He approached the vehicle on the passenger side and, in case the worst happened, made sure to leave a critical fingerprint on the back-quarter panel of the suspect’s vehicle. With his EagleTac flashlight in his left hand and right hand on his firearm, he made his first sweep of light to illuminate the rear cargo area of the SUV. The light revealed hair and antlers peeking out from under a tarp. He cautiously approached the back-passenger door window. With another sweep, he located a third person partially hidden with a blanket laying down on the rear bench seat. His keen eyes were also drawn to the butt of a rifle barely visible from beneath the same blanket. In an instant, he reacted with a stern, commanding voice and ordered the passengers to keep their hands where he could see them.

Owens advised the rear passenger to slowly remove the blanket. He was surprised to find a scared woman in her pajamas. After confirming no other firearms were in the vehicle, he secured the rifle and started to obtain identifying information from the passengers. As he relayed the occupants’ information to dispatch, Owens was relieved to see the headlights of another patrol vehicle. Owens briefed the Patrick County Sheriff’s Deputy and directed the driver toward his vehicle for questioning.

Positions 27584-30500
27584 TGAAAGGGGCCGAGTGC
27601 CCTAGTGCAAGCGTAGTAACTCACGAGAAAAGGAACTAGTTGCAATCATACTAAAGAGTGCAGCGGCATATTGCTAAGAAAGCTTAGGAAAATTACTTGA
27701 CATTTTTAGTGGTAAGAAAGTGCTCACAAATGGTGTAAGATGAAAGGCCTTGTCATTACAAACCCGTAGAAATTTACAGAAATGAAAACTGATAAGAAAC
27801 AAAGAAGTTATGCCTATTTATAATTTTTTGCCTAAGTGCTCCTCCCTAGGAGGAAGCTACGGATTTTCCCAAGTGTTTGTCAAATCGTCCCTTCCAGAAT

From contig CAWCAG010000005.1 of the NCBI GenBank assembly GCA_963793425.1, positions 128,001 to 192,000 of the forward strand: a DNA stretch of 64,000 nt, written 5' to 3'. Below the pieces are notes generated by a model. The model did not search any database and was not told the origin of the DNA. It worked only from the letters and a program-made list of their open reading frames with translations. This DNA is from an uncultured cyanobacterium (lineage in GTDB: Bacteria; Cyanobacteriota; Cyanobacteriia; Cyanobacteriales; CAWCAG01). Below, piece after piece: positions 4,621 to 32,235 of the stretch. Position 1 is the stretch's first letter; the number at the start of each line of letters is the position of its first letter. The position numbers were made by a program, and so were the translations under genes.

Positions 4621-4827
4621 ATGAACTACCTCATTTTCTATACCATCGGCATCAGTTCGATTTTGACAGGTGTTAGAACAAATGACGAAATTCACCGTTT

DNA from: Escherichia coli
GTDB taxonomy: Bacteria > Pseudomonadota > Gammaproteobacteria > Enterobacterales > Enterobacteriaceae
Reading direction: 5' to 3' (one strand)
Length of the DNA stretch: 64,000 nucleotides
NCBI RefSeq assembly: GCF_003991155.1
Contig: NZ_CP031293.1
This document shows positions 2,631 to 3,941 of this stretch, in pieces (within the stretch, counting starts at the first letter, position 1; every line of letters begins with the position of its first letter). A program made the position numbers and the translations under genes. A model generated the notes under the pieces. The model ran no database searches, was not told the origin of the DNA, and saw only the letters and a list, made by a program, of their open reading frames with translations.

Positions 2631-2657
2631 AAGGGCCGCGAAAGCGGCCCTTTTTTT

On the way, they stopped at the back hatch of the SUV. The driver opened the door for Owens to inspect the deer hidden underneath the tarp. To his surprise, a second buck was revealed when the tarp was lifted. The man lowered his head then quietly continued to the patrol vehicle. Owens placed the suspect in the front passenger seat. The two sat silently; the man unaware that the officer to his left had been an Investigator earlier in his career and excelled in various interview techniques. Owens waited, choosing to allow the silence to work to his benefit. The driver began to speak, and the entire story unfolded.

Owens applied the same technique with the other two passengers and pieced together a detailed account of the night’s illicit activities. The shooter had met with the driver and the rear passenger, the driver’s wife, at their house. The couple had passed on a night of pizza and TV and instead, had used a babysitter to spend that quality time illegally harvesting deer. The front passenger would kill the deer, while the driver would check it in using his North Carolina hunting license. The thrill seekers had already killed one deer in North Carolina before killing a second deer in the Virginia field that Owens was investigating. They loaded the deer and continued down the road. After obtaining all the details, Owens opted to issue multiple summonses. He confiscated the firearm and the night’s trophies in lieu of an arrest and vehicle seizure.